Back in those days, before I had met Mr. Craig and learned not only to love life in the rapid pace it moved, but to love myself truly, I found school incredibly tedious. Mrs. Pennyfeather was our year six teacher, and, of course, specialised in nothing. It was fair to say that our music lessons were far and few, my favourite subject pushed away.
Although I was in a special (at this point meaning ‘gifted’) set of five people, including me, for maths, it never set alight my passions; science was kept to the simplest and frustrated me easily; and the remainder of the Wednesday afternoon was set up for ‘games’ of sports, and not my idea of entertainment.
When the end of that day finally came, in a wave of fresh air, and a rush of relaxation after running our hour-and-a-half-long rounders match, I kept my eyes on the lookout for Katherine, and when she wandered back into the classroom, empty-handed and with tears brimming in her eyes, I knew that she had been given no luck at the school office.
Now, in my mind, there was no doubt at all: someone still in this very classroom had stolen the DS.
All through the evening and into the night the thoughts swelled, blossoming into my mind like flowers, but swimming away like jellyfish. In fact, even when pushing them aside to make room for homework, those thoughts were ones that took up the whole of my mind, the whole of my time. Things had never interested me so much before.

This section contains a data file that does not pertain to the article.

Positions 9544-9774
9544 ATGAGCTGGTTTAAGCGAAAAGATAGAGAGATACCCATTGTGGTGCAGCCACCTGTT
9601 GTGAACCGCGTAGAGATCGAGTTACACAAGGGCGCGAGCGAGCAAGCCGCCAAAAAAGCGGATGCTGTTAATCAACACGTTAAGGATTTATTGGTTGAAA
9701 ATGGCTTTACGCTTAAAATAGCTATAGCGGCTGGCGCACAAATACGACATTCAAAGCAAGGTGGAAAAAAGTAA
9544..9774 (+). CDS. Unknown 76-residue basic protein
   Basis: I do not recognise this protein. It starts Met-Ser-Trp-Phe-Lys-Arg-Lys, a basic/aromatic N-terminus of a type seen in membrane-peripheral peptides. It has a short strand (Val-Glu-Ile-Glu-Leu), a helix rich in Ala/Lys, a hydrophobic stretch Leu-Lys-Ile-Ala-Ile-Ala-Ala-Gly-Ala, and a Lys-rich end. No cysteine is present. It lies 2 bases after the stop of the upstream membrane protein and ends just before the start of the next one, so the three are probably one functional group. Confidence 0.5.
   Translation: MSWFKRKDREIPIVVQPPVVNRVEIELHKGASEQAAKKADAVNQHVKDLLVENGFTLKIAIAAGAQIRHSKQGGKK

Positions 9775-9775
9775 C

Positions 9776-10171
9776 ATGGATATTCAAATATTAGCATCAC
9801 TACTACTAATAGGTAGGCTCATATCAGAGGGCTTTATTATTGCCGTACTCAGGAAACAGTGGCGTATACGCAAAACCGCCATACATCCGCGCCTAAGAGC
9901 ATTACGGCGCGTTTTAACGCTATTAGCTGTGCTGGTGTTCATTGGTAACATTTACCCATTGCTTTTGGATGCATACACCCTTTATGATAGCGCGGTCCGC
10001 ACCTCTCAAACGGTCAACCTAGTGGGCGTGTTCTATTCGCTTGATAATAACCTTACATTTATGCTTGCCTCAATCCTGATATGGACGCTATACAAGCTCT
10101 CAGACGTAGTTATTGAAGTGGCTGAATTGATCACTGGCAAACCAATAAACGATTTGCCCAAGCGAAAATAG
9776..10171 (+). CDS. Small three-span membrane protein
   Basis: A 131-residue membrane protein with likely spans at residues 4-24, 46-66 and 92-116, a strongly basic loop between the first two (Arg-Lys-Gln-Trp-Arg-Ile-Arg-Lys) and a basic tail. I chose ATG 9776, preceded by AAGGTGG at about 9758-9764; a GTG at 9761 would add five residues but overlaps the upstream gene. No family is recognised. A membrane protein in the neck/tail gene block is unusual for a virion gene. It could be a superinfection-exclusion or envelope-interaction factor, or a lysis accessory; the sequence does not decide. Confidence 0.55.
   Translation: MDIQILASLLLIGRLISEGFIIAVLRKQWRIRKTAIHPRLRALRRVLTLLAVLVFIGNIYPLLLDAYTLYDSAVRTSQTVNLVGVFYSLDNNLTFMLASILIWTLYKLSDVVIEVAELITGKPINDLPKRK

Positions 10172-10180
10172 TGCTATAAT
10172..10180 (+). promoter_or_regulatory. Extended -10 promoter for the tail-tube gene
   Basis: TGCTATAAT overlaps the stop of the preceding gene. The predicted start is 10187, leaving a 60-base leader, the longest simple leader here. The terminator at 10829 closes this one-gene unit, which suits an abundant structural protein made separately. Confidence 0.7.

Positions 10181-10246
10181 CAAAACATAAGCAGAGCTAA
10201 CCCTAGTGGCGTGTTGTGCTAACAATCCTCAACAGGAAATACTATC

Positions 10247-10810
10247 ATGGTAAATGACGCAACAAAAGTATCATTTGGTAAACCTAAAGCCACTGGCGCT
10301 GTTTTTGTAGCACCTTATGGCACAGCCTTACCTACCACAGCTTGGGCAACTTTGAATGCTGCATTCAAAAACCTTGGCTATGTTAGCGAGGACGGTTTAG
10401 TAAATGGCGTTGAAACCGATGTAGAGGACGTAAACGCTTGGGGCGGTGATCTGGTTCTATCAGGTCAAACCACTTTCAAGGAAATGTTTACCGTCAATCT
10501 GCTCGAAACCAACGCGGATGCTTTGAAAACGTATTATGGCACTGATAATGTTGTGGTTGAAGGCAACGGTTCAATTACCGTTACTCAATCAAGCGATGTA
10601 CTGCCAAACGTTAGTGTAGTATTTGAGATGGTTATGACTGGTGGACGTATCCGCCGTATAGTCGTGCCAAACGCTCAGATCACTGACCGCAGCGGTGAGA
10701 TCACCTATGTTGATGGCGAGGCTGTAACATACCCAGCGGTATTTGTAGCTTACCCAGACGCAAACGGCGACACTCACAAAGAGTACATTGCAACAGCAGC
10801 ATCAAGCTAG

As I ate dinner I pondered the facts again. Nobody in my class seemed to be the type for petty thievery, but then, I wasn’t sure myself who’d be willing to change themselves and defy morals for something worth over a hundred and thirty pounds.
However, there were some suspects, boys like Jason and Mark, known separately- and as a pair- for their trouble-making antics. They were the ‘bad boys’ of the class, and happy about it.
There was a small problem to my theory that it might have been them, though: they would never, in my opinion, risk stealing something that they had no interest in. They certainly weren’t games fanatics (except the school kind that we played on Wednesdays). Nevertheless, I decided that, the next morning, they would be my eye’s crucial target.
The classroom was alive with the sounds of gossip as I hurried in, late, the next day. Katherine was in her usual place, her dark hair limp, and her eyes bleary from crying too many scared tears. Her dull face was pointed up towards some of the friends that sat around her, trying to see the sense in the comforting remarks they were saying.
“Don’t worry, Katherine. You’ve probably just misplaced it. These things turn up…” reassured Chloe, Katherine’s best friend. Simply dressed, but with a short brown bob and narrow eyes ready to scour out opportunities for success, this girl meant business.
Katherine shook her head wildly.
“It was brand new. What am I going to say to my mum?”
There were shrugs and nodding from all around the ‘entourage’ that were sitting behind Chloe on the tabletop, mostly Chloe’s friends, but some that Katherine had gained herself from before she knew Chloe.
I rolled my eyes on seeing this display of ‘friendship’, but waved to Katherine and took my place.
“Now, class,” said Mrs. Pennyfeather, as she swept in. “We’ve got some science and maths in the morning-” (a groan went out from the crowd before her) “-but, I’ve decided, since you’ve been so good lately, that we should have an arts and crafts afternoon.”
A cheer automatically rose up after that.
“There. I thought you’d like that!”